Russia'santi-corruption head struggles to explain why he left $130 million in a car anda flat; traders can take heart from new research; and London is still theworld's foremost financial center, though Brexit may change that.
A recent academic research paper proves once and for allthat as a trader, you shouldn't go for a deal if your heart isn't in it, The Wall Street Journal's Moneybeat blog reports. The study by researchers fromthe University of Cambridge, University of Sussex and Queensland University ofTechnology argues that the fabled "gut instinct" is, in fact, anexpression of real physiological changes inside the body, and that traders aremore adept at perceiving them than the average person. Published by Britishscientific journal Nature, Interoceptive Ability PredictsSurvival on a London Trading Floor shows that traders have an unusual knackfor accurately counting their heartbeat, proving that they are more in tunewith their bodies than most people and therefore better able to perceive, andultimately act on, physiological signals. Disregarding the possibility thattraders might simply be better at counting than people from other walks oflife, the researchers suggest that this explains why they might have a changeof heart, so to speak, when a deal doesn't feel right. Moneybeat cites the example of George Soros, whoused to have back pain when he was not confident about a transaction.
As the deputy head of the anticorruption division of Russia'sinterior ministry, Dmitry Zakharchenko knows a thing or two about the lengthsto which criminals go to hide their secret funds. And having allegedly beeninvolved in the embezzlement of 26 billion rubles that led to losing its license in 2015, he also knows that Russian lendersaren't necessarily as safe a haven for roughly $130 million in variouscurrencies as a car or his stepsister's flat. However, when Russian lawenforcement agencies discovered the money, they launched proceedings againstZakharchenko, accusing him of large-scale bribery, abusing his powers andobstructing the course of justice, Kommersantreports. It adds that documents about the transfer of about €300 million tovarious Swiss bank accounts were also found in apartments belonging toZakharchenko's family members, with one line of inquiry being that he and hisfather, Viktor, received the money for helping owners of troubled banks such asNOTA withdraw funds from them before their licenses were revoked.English-language news outlet RussiaBeyond the Headlines points out that his salary of approximately $47,000probably didn't account for the 1.5-ton pile of cash.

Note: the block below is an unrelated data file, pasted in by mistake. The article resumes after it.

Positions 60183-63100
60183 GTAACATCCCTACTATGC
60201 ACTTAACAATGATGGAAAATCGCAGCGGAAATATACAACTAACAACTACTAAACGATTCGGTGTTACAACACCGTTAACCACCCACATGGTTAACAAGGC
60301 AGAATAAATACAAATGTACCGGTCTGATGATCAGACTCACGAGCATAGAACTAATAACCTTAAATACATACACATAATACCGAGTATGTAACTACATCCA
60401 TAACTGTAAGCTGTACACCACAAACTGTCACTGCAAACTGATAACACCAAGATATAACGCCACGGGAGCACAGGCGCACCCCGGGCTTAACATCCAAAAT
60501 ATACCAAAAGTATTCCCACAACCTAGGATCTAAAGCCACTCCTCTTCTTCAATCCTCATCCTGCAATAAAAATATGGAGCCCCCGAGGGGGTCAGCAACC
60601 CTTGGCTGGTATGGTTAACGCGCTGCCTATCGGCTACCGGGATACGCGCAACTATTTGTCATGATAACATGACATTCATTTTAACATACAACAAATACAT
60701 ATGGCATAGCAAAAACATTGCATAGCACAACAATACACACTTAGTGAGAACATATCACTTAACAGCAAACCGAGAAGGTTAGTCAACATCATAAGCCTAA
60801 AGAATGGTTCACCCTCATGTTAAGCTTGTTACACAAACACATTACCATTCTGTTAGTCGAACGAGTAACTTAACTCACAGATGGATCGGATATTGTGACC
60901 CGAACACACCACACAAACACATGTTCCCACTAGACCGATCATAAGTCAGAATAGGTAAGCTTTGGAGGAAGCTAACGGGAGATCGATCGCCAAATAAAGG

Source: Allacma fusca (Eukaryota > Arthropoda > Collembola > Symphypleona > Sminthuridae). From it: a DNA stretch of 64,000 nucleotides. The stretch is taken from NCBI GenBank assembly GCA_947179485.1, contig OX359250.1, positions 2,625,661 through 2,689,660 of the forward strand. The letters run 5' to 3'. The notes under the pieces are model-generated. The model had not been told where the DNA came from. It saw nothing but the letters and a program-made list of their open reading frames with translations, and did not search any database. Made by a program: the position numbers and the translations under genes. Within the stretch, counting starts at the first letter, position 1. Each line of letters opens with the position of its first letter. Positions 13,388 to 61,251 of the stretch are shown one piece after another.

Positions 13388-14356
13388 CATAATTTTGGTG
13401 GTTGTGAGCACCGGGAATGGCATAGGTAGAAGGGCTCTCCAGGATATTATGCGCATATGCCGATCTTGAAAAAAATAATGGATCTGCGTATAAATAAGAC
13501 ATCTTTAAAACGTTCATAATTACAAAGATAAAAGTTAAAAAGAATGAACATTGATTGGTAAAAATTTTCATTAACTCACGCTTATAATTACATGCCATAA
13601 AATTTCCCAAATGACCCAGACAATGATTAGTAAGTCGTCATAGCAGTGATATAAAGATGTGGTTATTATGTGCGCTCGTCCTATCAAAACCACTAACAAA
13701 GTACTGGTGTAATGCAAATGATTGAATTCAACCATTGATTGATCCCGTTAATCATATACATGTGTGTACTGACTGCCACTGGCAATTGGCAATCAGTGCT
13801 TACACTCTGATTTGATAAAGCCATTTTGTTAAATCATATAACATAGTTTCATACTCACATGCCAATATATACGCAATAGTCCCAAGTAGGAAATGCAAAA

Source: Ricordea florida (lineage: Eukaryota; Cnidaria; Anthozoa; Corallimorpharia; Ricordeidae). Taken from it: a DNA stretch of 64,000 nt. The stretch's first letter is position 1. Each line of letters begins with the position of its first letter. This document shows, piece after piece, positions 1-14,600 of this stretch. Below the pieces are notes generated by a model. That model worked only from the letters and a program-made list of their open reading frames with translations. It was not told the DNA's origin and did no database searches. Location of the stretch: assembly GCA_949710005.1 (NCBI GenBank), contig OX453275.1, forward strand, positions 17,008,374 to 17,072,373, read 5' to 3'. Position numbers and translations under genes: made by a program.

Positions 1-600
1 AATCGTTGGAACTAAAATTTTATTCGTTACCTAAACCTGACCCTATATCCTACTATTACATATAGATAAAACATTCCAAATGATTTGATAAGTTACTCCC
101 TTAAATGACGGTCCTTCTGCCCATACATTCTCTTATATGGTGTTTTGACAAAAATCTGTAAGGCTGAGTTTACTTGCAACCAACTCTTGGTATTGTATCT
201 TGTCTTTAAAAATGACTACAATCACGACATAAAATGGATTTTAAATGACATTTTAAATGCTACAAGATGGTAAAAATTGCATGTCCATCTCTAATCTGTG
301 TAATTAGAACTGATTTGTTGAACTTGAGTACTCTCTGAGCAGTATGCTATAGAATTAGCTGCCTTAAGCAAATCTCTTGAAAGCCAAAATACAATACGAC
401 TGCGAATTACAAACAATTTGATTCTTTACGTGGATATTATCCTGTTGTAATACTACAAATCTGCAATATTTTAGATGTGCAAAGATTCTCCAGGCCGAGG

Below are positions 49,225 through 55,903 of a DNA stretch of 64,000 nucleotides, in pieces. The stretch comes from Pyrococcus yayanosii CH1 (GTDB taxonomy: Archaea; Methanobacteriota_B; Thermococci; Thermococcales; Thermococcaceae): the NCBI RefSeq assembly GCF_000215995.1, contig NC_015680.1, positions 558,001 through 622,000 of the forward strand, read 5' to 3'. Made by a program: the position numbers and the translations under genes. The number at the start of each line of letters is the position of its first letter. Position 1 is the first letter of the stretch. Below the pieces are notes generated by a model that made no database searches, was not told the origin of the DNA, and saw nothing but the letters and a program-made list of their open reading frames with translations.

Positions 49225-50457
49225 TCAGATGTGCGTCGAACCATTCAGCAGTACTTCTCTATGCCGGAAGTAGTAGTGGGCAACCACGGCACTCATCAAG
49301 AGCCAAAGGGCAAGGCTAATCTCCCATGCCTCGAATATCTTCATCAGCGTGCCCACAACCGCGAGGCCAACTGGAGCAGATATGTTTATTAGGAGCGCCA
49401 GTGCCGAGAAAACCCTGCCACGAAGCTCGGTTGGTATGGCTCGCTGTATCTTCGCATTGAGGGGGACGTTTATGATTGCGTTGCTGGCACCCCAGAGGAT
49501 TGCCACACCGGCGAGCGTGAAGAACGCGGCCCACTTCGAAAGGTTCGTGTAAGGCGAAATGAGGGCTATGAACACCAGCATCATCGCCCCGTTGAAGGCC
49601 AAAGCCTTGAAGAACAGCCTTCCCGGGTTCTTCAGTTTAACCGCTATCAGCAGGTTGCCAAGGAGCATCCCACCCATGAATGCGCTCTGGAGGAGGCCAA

People in the financial services industry are increasinglyrecognizing that protecting the environment is key to making healthy profits,German Green Party politicians Reinhard Bütikofer and Anton Hofreiter argue ina Handelsblatt op-ed piece. They citethe example of six long-standing Deutsche Bank AG investment bankers who focused oncoal-related projects being allowed to leave in July without being replaced.Rather than seizing the opportunity for a pun and saying the troubled lendermay have not filled the positions because of its own issues with Kohle — the colloquial German word forcash — the politicians suggest this was "a remarkable change ofstrategy" for the bank. They admit that businesses, governments andenvironmental activists are not always on the same page yet, but conclude thatultimately "investors who bet against [nature] will fail" since acompany's share price and future viability are "more than ever linked to[its] role within a low-emission world."
London has retained its status as the world's leadingfinancial center but is only a single point ahead of New York City, having seenits leadnarrow from 8 points in the previous iteration.Based on the opinions of financial services professionals and statistical datarelating to competitiveness, business environment and infrastructure, the Global Financial Centres Indexfeatures only one other European city in the top 10 — Zurich at No. 9.Meanwhile, the supposedly main contenders to take over from London as Europe'stop financial center after Brexit — Frankfurt, Paris and Dublin — come in 19th,29th and 31st,respectively, behind the likes of Sydney, Seoul and Montreal on a global scale.The survey was conducted at the end of June, just days after the U.K. voted toleave the EU, but subsequent polls in July and August showed a decline inLondon's popularity, Reuters says, citing Z/Yen, the company that produces theranking.